Pioneering Pacific conservationist laid to rest
The former executive Director of Conservation International New Zealand and Samoan resident, Sue Taei, has been remembered asa towering figure in the Pacific marine conservation movement.
Mrs. Tai is survived by husband, Faalipo Taei, and four children: Dylan, Gyllian, Sera and Ryan.
Mrs. Taei was a long time resident in Samoa while working for the Secretariat of the Pacific Regional Environment Programme (S.P.R.E.P.).
Mrs. Taei abiding love for Samoa and her instinct to always put her family first also shone through in tributes that followed her passing away.
Former colleagues said her absence would be keenly felt because of the sheer depth of her contributions.
During her funeral, the U.S. Conservation International Chief Executive Officer, Mike Donohue described Mrs. Taei as someone who had more impact on marine conservation in the Pacific than any other person he had ever met.
The region has lost a true Pacific Champion, he said.
"It is rare to find such a kindred spirit and someone who was so committed and driven for her two great passions – her family and conservation of our ocean," Mr. Donohue said.
"Sue’s selfless commitment to her vision required endless travel throughout this huge region, as well as frequent flights to the U.S.A.
"She frequently sacrificed her desire to spend time with Fa’alepo, Dylan, Gillian, Ryan and Sera in pursuit of goals we all share, and I want to acknowledge the enormous support her whanau gave her."
Mr. Donohue told that Mrs. Taei is not unforgettable for just her marine ecological work but also her hospitality and generosity.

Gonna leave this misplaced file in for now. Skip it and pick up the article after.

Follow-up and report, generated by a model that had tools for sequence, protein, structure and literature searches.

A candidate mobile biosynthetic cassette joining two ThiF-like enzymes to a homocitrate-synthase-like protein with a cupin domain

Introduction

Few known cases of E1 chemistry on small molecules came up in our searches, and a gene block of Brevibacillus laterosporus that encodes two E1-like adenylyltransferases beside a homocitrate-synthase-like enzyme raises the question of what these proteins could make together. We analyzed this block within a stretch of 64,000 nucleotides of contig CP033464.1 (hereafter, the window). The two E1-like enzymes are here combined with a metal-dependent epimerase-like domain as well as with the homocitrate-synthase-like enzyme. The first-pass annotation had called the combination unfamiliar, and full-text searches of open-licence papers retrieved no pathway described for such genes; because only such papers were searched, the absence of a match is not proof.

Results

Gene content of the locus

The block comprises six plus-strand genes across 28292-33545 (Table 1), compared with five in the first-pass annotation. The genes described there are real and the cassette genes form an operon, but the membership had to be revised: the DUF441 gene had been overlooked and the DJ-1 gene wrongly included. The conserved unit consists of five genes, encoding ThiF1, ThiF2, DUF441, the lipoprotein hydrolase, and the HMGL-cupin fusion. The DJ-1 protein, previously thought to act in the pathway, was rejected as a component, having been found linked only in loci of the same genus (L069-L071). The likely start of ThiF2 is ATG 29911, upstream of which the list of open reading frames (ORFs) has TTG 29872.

"My own overwhelming experience of Sue is of a very special woman, very strong and fiercely committed to what she knew was right – with a singular focus on making our planet healthier, especially the ocean," he said.
"But also my experience was the full force of Sue’s generosity and hospitality: inviting us all the time; 2 a.m. trips to Faleolo airport to meet us, or to say goodbye; and the house and the car and Galu and the kids.
"So the devotion and dedication to ocean ecology was one thing, her outstanding generosity was another. But mostly, in my experience, Sue was mainly a very proud Mum to Dylan, Gillian, Ryan and Sera – we had to put up with quite a lot of skiting on that score..."
Amongst her many achievements, Mr. Donohue listed just five to highlight that she played an immense role in articulating a vision of a sustainable future for the Pacific and had an influence on the policy-makers and leaders across the Pacific.
"She was the Threatened Species Adviser to S.P.R.E.P. for many years, delivering the Year of the Turtle and raising awareness of the need for protection of turtles, whales, dolphins and dugong," he said.
"She was a foundation member of the South Pacific Whale Consortium, which remains the authoritative source for information on whales in the region.
"Sue was instrumental in developing and articulating the Pacific Oceanscape, which has become the framework for an innovative and cooperative approach by governments to managing marine resources in the Pacific Islands
"Through her close relationships with Leaders and Ministers, Sue encouraged numerous Pacific governments to declare marine protected areas covering thousands of square kilometres of ocean
"Most recently, Sue commissioned and promoted research on the impacts of climate change on Pacific fisheries."